(All production images copyright Wilfried Hösl; Classical Explorer would like to express its thanks to Bayerische Staatsoper for access to the photos used in this article.)

An Early Music weekend it turns out: today, Gluck; tomorrow, Lassus.

Grace is one of the defining characteristics of Gluck's music; and, in Sidi Larbi Cherkaoui's staging we certainly find that in the prevalance of dance via his own troupe, the Dancers of the Compagnie Eastman, Antwerp. So it is that a mainly static staging is augmented by the beauty of movement itself in a performance that itself holds vocal gold in the form of Dorothea Röschmann as Alceste and Charles Castronovo as Admète. Some might prefer a more direct, dramatically involving staging, but Cherkaoui's staging means that moments when emotions come to the fore (Admète's entreaties that Alceste 'Banish sorrow for pleasure' for example) make their point all the more.

In approaching the work in this way, the interlacing, and interaction, between singers and dancers becomes in itself hypnotic. The chorus' role as commentatr thus becomes incredibly powerful: when they sing "Alceste is about to die" it takes on huge import

Although Alceste was published in Vienna in 1769 (with a famous preface that ourlines Gluck's operatic reforms, removing da capo arias, using accompanied recitative more syllabic word-setting and certainly an avoidance of melismas), Gluck revised the score for performances at the Paris Opéra in 1776, and it is that score that is used here. It is a remarkable tale of the sacrifice of life for love.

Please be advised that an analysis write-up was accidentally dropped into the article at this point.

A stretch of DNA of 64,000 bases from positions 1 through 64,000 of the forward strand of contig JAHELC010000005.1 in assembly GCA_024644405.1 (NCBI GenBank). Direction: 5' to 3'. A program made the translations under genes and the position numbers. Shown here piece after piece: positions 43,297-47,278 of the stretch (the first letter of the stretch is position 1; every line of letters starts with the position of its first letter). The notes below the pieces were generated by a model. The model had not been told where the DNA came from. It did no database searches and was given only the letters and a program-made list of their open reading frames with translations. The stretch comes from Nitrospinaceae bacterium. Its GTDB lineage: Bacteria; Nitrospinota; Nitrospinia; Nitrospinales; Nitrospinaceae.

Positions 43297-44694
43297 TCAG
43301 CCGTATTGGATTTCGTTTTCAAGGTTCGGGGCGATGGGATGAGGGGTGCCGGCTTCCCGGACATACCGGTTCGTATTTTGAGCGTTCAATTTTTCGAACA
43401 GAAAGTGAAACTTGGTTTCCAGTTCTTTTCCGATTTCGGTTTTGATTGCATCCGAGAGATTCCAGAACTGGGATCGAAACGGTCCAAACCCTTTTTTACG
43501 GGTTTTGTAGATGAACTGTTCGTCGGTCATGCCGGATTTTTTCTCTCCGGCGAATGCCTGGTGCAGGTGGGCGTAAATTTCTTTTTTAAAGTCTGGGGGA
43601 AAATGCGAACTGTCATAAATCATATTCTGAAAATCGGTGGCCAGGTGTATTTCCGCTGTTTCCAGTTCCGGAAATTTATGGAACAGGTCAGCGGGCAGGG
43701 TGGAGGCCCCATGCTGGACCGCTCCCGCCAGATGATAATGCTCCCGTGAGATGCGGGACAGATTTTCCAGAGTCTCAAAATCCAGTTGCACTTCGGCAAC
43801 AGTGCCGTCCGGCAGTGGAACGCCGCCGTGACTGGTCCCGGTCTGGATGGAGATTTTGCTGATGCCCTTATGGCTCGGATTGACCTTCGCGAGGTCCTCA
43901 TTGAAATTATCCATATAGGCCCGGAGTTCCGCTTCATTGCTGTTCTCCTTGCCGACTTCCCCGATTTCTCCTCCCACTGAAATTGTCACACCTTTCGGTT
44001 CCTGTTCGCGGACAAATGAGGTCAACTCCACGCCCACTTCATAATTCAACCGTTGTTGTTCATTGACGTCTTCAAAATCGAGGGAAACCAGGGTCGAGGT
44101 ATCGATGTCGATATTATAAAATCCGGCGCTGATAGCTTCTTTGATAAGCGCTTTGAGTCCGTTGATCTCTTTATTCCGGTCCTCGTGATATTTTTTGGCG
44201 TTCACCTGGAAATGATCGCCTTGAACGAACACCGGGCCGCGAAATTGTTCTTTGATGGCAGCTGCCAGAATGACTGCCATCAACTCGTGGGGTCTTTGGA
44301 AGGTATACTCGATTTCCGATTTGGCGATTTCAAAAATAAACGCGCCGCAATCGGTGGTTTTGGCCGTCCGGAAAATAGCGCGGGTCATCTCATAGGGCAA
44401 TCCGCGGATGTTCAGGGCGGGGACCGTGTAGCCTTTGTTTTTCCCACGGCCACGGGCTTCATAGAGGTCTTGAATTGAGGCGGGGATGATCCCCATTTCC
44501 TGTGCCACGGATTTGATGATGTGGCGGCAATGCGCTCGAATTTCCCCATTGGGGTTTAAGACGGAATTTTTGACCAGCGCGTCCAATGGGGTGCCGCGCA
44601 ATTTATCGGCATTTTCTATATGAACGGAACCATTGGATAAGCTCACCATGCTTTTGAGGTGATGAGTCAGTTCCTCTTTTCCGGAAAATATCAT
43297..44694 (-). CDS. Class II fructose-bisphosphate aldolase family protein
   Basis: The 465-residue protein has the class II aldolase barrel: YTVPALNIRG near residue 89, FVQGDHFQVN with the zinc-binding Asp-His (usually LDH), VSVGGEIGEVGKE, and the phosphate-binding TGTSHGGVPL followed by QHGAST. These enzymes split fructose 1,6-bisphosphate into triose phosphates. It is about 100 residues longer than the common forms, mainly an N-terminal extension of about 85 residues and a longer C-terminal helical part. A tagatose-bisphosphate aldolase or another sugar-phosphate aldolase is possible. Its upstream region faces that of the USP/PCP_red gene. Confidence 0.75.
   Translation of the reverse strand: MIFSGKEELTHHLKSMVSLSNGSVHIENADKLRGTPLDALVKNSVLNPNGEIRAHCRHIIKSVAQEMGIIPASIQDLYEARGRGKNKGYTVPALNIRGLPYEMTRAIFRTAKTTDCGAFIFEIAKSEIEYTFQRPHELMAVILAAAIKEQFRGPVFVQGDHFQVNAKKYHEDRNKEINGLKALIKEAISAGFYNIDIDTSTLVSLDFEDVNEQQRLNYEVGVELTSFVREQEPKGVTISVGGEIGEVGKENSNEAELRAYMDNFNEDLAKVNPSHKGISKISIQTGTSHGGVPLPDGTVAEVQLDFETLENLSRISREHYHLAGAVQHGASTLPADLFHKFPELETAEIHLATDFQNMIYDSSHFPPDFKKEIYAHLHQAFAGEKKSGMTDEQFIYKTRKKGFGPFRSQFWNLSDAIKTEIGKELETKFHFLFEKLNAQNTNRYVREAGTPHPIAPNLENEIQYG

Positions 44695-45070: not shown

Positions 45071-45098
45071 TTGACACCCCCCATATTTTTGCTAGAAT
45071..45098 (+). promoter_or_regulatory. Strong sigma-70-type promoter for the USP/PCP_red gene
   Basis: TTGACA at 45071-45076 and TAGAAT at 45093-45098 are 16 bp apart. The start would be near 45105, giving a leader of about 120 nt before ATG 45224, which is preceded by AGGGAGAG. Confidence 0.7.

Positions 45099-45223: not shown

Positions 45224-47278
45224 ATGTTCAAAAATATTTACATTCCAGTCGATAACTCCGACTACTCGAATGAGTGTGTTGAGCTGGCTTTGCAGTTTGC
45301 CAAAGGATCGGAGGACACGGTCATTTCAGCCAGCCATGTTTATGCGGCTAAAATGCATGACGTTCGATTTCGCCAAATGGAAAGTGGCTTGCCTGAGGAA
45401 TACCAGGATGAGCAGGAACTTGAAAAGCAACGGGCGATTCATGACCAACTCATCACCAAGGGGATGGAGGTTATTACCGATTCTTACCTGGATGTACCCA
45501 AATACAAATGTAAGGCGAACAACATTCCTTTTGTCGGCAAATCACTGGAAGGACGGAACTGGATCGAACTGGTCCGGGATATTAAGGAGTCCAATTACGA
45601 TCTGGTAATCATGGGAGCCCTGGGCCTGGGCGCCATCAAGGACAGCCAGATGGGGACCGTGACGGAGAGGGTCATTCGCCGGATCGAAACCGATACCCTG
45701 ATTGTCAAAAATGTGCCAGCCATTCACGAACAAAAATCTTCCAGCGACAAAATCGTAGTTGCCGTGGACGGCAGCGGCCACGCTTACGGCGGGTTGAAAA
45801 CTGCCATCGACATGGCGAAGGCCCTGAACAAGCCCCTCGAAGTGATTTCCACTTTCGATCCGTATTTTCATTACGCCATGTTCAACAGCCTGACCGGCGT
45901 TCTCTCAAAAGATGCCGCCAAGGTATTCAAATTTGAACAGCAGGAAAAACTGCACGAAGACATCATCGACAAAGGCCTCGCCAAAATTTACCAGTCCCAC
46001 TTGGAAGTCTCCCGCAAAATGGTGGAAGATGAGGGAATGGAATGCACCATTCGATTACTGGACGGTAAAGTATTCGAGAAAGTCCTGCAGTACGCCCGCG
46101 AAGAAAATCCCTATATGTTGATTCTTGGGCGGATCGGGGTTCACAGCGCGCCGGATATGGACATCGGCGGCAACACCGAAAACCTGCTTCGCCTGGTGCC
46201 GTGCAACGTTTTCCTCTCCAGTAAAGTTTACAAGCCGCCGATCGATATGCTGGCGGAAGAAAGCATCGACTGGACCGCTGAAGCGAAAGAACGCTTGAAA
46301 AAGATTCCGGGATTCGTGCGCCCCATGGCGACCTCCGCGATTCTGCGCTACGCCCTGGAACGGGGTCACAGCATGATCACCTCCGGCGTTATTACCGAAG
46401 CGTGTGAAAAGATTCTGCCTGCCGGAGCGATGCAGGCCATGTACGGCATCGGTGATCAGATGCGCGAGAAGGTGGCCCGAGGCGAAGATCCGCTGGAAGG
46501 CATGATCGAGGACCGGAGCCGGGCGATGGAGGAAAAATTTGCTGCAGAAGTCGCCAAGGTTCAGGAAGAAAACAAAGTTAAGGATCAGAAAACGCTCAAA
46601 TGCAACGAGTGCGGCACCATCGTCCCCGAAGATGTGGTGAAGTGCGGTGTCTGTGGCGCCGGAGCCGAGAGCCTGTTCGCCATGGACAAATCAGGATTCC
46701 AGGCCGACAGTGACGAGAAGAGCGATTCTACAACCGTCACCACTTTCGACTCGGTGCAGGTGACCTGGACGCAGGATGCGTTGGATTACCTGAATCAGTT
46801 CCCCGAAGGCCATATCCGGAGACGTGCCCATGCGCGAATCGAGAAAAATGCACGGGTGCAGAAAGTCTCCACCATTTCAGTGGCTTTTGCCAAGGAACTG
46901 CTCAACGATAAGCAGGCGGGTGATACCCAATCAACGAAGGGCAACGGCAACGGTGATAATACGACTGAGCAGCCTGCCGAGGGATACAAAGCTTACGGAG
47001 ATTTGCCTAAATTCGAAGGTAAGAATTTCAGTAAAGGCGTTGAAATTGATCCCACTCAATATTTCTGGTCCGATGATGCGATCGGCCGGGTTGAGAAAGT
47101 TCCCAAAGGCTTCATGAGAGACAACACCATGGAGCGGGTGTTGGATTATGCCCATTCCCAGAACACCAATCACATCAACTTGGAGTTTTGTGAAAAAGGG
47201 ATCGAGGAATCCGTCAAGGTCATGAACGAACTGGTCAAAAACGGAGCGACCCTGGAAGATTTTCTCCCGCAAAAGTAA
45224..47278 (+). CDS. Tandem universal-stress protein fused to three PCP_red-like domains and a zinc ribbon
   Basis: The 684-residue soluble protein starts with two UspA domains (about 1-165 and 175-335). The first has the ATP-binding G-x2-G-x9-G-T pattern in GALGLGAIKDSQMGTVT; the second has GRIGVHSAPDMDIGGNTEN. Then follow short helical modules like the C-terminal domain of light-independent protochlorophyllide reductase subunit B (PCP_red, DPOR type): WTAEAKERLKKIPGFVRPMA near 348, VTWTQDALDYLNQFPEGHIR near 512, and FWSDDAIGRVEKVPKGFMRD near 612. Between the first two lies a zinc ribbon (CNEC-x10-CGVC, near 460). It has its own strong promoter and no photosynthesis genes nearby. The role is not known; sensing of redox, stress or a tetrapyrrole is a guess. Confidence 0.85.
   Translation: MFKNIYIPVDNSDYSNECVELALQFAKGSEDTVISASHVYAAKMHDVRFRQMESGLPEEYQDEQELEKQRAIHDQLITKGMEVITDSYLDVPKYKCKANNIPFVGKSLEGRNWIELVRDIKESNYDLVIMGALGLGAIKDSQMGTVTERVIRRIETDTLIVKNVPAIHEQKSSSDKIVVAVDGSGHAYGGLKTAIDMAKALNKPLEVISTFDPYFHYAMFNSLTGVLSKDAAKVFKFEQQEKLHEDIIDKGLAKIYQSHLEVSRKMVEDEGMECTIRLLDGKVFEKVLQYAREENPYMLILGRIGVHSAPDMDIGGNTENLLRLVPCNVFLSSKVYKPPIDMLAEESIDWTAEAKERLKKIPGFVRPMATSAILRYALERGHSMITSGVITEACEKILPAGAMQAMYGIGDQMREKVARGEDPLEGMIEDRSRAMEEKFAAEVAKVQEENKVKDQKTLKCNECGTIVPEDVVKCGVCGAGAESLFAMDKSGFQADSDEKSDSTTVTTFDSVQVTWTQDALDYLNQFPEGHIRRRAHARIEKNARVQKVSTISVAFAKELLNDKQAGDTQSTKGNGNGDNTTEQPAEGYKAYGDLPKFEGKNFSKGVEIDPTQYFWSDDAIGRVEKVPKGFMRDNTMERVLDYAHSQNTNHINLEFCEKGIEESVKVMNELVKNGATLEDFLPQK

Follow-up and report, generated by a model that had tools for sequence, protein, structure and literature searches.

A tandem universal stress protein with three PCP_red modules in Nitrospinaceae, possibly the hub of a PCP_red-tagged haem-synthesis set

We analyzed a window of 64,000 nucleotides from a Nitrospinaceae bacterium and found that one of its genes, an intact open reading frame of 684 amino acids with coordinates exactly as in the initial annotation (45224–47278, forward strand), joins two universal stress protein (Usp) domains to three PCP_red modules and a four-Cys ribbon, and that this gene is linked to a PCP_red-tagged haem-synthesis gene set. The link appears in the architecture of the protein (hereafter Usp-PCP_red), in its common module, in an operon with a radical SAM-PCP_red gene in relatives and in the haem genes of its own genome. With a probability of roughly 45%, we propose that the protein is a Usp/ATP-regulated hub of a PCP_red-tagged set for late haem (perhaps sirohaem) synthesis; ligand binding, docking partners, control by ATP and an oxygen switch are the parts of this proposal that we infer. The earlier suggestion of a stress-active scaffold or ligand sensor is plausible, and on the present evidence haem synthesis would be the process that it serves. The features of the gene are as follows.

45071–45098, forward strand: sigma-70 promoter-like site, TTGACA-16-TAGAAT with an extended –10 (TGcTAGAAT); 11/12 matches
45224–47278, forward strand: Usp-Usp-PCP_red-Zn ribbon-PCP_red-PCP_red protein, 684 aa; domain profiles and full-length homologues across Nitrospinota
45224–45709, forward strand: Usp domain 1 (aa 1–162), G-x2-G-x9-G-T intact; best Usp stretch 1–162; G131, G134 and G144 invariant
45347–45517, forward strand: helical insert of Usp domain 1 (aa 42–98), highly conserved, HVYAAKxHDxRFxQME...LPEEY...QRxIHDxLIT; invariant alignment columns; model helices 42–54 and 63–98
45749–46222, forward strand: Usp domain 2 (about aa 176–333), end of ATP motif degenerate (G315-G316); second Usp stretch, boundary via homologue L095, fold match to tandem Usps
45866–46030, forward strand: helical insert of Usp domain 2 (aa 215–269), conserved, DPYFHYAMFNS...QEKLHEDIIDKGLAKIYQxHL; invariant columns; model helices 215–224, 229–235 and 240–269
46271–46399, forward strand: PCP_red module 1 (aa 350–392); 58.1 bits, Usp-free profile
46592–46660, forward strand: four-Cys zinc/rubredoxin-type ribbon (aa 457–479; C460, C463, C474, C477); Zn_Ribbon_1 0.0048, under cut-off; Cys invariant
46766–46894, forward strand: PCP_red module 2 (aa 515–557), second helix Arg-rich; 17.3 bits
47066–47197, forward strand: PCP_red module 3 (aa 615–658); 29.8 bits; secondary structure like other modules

Fascinating to have the combination os Dorothea Röschmann and Charles Castronovo as Alceste and Admète respectively. Röschmann's voice is certainly powerful, as is her stage presence: an incredible "Divinités du Styx" is unforgettable.

Dorotea Röschmann as Alceste, with dancers

You can hear Röschmann in full magnificence at the start of this this promotional YouTube video for the production:

Tenor Charles Castronovo has impressed live as Alfredo Germont in La traviata (review), Rodolfo Bohème (review) and Edgardo in an absolutely extraordinary Donizetti Lucia di Lammermoor (review) - all at the Royal Opera, Covent Garden.

Charles Castronovo as Almète, with dancers

A while ago, Classical Explorer featured a Gluck Gala that included excerpts from Alceste featuring the great Jessye Norman. Zooming in on that opera seemed a logical step. Antonello Manacorda directs with a real grasp of Gluck's style: he is as sensitive and attentive to his singers as he is to the dramatic direction.

If you know Gluck's Orfeo and are looking for a next step, this the perfect opportunity. The bluray in particular offers a crystal clear picture.